Abstract: We run a novel field experiment to link managers of African manufacturing firms. The experiment features exogenous link formation, exogenous seeding of information and exogenous assignment to treatment and placebo. We study the impact of the experiment on firm business practices outside of the lab. We find that the experiment successfully created new variation in social networks. We find some limited evidence of diffusion of management practices, particularly in terms of firm formalisation and innovation. Such diffusion appears to be a combination of diffusion of innovation and simple imitation
    JEL: D22 L26 O33
    Date: 2014
  5. By: John Tang
    Abstract: Railroads in Meiji Japan are credited with facilitating factor mobility as well as access to human and financial capital, but the impact on firms is unclear. Using a newly developed firm-level dataset and a difference-in-differences model that exploits the temporal and spatial variation of railroad expansion, I assess the relationship between railways and firm activity across Japan. Results indicate that railroad expansion corresponded with increased firm activity, particularly in manufacturing, although this effect is mitigated in less populous regions. These findings are consistent with industrial agglomeration in areas with larger markets and earlier development among both new and existing establishments.
    JEL: L26 N75 O53
    Date: 2013
  6. By: Paul Ehling (BI Norwegian business school); David Haushalter (Sheal college of business)
    Abstract: Using a database of more than 180,000 private companies from 2000 to 2009, we find that the benefits of holding more cash vary substantially with a firm’s size and the conditions it faces. Cash holdings matter most for small firms: when there are negative shocks to industry or macroeconomic conditions, a small firm’s cash holdings are positively associated with changes in its sales and assets. Cash is less important for other conditions. Differences in the benefits of cash holdings between large and small firms are traced to a firm’s ability – and willingness – to increase leverage when there is a cash shortfall.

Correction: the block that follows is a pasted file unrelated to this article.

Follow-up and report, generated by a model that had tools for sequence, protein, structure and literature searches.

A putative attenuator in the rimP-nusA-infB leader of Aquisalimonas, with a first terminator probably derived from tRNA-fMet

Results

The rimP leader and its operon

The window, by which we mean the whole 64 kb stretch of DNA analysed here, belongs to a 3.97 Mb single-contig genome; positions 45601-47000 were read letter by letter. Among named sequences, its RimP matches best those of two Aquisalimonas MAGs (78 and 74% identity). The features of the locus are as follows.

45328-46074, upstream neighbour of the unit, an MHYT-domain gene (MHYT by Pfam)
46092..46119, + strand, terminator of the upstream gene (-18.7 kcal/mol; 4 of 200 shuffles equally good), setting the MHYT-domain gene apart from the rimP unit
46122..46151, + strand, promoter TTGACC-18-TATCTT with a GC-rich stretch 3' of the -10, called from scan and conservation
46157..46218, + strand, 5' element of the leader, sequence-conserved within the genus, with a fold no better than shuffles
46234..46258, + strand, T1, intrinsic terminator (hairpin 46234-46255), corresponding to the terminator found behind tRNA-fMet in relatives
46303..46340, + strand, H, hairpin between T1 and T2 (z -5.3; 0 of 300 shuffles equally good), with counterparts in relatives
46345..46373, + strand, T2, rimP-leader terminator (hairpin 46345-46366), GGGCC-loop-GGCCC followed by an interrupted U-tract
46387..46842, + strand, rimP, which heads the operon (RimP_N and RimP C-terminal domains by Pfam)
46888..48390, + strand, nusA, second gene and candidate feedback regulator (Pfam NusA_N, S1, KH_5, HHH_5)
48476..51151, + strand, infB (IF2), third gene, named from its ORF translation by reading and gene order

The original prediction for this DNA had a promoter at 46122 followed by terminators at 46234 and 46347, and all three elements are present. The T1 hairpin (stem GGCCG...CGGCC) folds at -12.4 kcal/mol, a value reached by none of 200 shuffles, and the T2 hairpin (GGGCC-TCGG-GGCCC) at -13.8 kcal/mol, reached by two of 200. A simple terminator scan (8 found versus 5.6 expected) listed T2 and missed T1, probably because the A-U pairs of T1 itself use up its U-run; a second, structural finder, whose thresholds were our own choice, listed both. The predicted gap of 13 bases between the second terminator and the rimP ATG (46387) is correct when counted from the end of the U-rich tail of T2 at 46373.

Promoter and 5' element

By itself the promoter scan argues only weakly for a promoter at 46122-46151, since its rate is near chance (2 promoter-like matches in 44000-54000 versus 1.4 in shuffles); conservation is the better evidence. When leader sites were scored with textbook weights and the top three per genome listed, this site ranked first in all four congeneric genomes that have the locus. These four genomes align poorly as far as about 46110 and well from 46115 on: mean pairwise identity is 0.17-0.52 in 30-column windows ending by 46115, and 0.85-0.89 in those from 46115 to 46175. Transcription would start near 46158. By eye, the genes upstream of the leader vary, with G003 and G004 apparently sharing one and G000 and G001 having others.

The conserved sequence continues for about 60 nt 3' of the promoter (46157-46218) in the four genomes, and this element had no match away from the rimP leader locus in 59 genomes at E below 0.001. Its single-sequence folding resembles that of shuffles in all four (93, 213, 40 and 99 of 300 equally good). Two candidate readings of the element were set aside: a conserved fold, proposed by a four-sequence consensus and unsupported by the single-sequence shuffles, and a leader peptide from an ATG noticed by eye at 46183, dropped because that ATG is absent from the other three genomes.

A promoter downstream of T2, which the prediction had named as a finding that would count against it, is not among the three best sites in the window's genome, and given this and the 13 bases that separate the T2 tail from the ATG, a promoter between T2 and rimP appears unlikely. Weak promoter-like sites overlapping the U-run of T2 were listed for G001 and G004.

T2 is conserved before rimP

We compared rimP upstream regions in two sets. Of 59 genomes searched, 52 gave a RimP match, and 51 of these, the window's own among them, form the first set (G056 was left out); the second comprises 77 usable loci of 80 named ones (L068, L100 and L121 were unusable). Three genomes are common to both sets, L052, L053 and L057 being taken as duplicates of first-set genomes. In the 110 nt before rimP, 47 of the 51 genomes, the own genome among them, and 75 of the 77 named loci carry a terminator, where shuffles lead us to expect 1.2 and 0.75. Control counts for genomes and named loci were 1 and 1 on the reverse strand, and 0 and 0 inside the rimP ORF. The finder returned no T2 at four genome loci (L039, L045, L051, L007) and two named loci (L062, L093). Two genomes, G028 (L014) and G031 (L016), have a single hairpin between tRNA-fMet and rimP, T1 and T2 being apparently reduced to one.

Keywords: cash holdings, benefits of cash holdings, private companies
    JEL: G30 G32 G35
    Date: 2014–06
  7. By: Huo, Dong; Motohashi, Kazuyuki
    Abstract: This study integrates theories relevant to collaborative knowledge creation and provides evidence to discover effects of knowledge diversity on collaborative knowledge creation. The analysis uses a sample comprising 38,500 granted U.S. utility patents involving two collaborating inventors, from application year 1991 to 2005. Interindividual knowledge diversity is thought to affect collaborative knowledge creation in three dimensions: increasing probability of excellent ideas, increasing probability of disagreements, and lowering knowledge assimilation. Furthermore, these impacts are conditional on two proposed moderators: technology scope and affiliation scope. Empirical evidence supports the positive effect of knowledge diversity weakening as the scope of technology broadens. The effect also differs depending upon whether the collaboration occurs between organizations, within one organization, or outside any organization.
    Keywords: invention, collaboration, knowledge diversity, knowledge quality, technology scope, affiliation scope
    JEL: O31 O32
    Date: 2014–02
  8. By: Lucia Cusmano; Andrea Morrison; Enrico Pandolfo
    Abstract: The origin and growth of industrial clusters have attracted the attention of scholars and policy makers since the early era of industrialisation. The seminal work by Alfred Marshall has represented the foundation for a rich strand of literature, whose late expansion and refinement were inspired by the experiences of localised development in emerging regions. This is the case of Italian industrial districts, which have emerged as a territorial model of industrial agglomeration, decentralised production and flexible specialisation. Recently, the traditional explananda of the emergence of clusters have been reconsidered. The evidence about the growth of clusters in areas that did not have obvious natural advantages, nor the first comers’ benefits of early agglomeration economies, has inspired a different conceptualisation, which draws consistently from the evolutionary perspective on industrial dynamics. Klepper (2001, 2010) shows that more successful firms have higher spin-off rates and their spin-offs tend to outperform competitors. Organizational reproduction and heredity are thus identified as the primary forces underlying clustering. The present paper investigates the emergence and evolution of an Italian industrial district, the Sassuolo tile district, one of the largest and most successful ceramic districts in the world, and a paradigmatic example of Italian Marshallian district. Overall, our findings confirm that organizational reproduction and heredity represent primary mechanisms of clustering. However, our results also show that spin-offs do not perform better than non-spin-offs. It appears that, in dense industrial environments and social networks, competitive advantages can also be acquired or built through other channels.
    Date: 2014–07